No cuts to CRCs
The Government has recognised the importance of the Cooperative Research Centres Program and left it intact following a "funding pause" and review of programs leading up to yesterday's mid-year economic outlook. The 15th selection round is expected to resume shortly. The major research councils, the NH&MRC and the ARC were also unaffected. The ARC opened its delayed Linkage Program within minutes of the announcement and applications are due 3 December.
Lower tax revenues and the Government's commitment to a budget surplus in 2012-13 meant that all programs have received scrutiny over the past weeks to find possible savings. During this period, the CRC Program was put on a "pause" increasing nervousness of the nine syndicates currently vying for CRC funding. Short listing of those proposals going to interview was expected in the last week of August.
Government research funding was not left untouched.
Universities are disappointed at a $499 million saving from the Sustainable Research Excellence (SRE) program, part of the University Block Grants. Minister for Tertiary Education, Skills, Science and Research, Senator Chris Evans said "The SRE program will continue to provide a significant contribution to the indirect costs of competitive grant research. This year's SRE funding will remain unchanged. In 2013, the funding will be indexed from the 2012 level and will then steadily increase at a more sustainable level over three years to reach the planned peak of $300 million in 2016."
Commentary from Tony Peacock, CRCA
The research community in Australia has just had a couple of things reinforced. Firstly, we cannot expect the benefits of R&D to be self evident and we are as vulnerable to Government budgeting processes as any other area of expenditure. Secondly, we are lucky to be represented in Cabinet by a senior Minister.
The recent demonstration that the CRC Program is delivering a $14.5 billion benefit to the nation, making significant contributions to productivity and GDP, did not put us on an "untouchable" list in the MYEFO process. By and large, Federal politicians know and like the Program. But that didn't save us from the end of the "Backing Australia's Ability Program" or cuts in the 2010 election campaign and 2011 budget. We need to keep increasing our efforts to have the general community and our industry supporters appreciate the value of CRCs and how they are delivering real differences to the lives of Australians. After two decades of CRC delivery, I doubt any Australian could go through a full day without being impacted by the outcome of at least one CRC, but relatively few would recognise that fact.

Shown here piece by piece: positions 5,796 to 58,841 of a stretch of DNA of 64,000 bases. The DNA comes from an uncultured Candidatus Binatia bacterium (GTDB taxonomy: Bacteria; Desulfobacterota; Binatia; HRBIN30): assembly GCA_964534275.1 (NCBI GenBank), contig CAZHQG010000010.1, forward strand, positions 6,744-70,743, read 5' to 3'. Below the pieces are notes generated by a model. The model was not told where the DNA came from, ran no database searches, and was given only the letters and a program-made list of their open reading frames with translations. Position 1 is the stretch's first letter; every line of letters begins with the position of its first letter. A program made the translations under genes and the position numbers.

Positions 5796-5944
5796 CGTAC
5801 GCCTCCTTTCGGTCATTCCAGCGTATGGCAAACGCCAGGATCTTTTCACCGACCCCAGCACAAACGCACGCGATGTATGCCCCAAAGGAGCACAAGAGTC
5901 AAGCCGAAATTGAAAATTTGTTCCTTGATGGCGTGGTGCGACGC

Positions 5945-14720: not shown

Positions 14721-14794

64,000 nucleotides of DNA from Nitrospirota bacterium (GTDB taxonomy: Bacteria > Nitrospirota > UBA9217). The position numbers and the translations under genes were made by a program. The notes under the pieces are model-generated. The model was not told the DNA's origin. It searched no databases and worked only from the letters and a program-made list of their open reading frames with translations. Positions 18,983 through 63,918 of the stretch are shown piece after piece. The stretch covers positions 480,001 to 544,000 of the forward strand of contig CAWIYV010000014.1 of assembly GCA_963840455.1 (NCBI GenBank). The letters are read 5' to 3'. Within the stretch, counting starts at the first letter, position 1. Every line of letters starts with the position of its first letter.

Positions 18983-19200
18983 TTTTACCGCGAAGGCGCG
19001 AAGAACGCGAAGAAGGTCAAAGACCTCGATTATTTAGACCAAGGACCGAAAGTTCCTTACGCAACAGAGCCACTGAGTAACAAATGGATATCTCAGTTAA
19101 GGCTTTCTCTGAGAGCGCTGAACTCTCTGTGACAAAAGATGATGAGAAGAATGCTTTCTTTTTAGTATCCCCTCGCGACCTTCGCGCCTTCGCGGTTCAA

Science and research has not always been directly represented in Cabinet. And never at such a senior level as it is currently represented. Minister Evans is the Leader of the Government in the Senate and in the May budget his portfolio was the only one not to suffer some trimming. Under the Government's fiscal circumstances and a determination to deliver a surplus for the year, to avoid any cuts in the MYEFO process was never on. The slowdown in indexing the SRE is obviously not ideal, but that program is largely spent on infrastructure and Universities were given infrastructure boosts during the height of the GFC. I don't know how much staring down the Minister had to do, but we should acknowledge he has been able to largely hold the line. Cuts to ARC or CRC Programs would have directly led to less researchers employed in the system next year, and we can't afford to be mucking around with the careers of early career researchers.
The research system in Australia already mucks around far too much with the early career of researchers and it is an area that needs attention over the coming years. At a recent Early-Mid Career workshop in Canberra, Nobel Laureate, Brian Schmidt said that he appointed all his postdocs for five-year terms (despite receiving maximum of three-year funding), allowed any of them to work part-time and offered jobs to partners if it meant he could attract good people to Canberra. Brian should be applauded for facing up to the realities of modern family life and making life a bit easier at a stage where many researchers are on their first mortgage and first child and they need support. No doubt he gets a performance benefit as a result. It's a pity that the research system in Australia makes Brian unusual in this regard - it seems every other sector has discovered we are in a fight for talent, except science.
There is one part of the sector that can very simply make life easier for early career scientists: CRCs. Cooperative Research Centres can offer extended postdoctoral terms; they can headhunt the best and brightest and they can help build the careers of our researchers to maximise the impact they make. Let's not squander that advantage.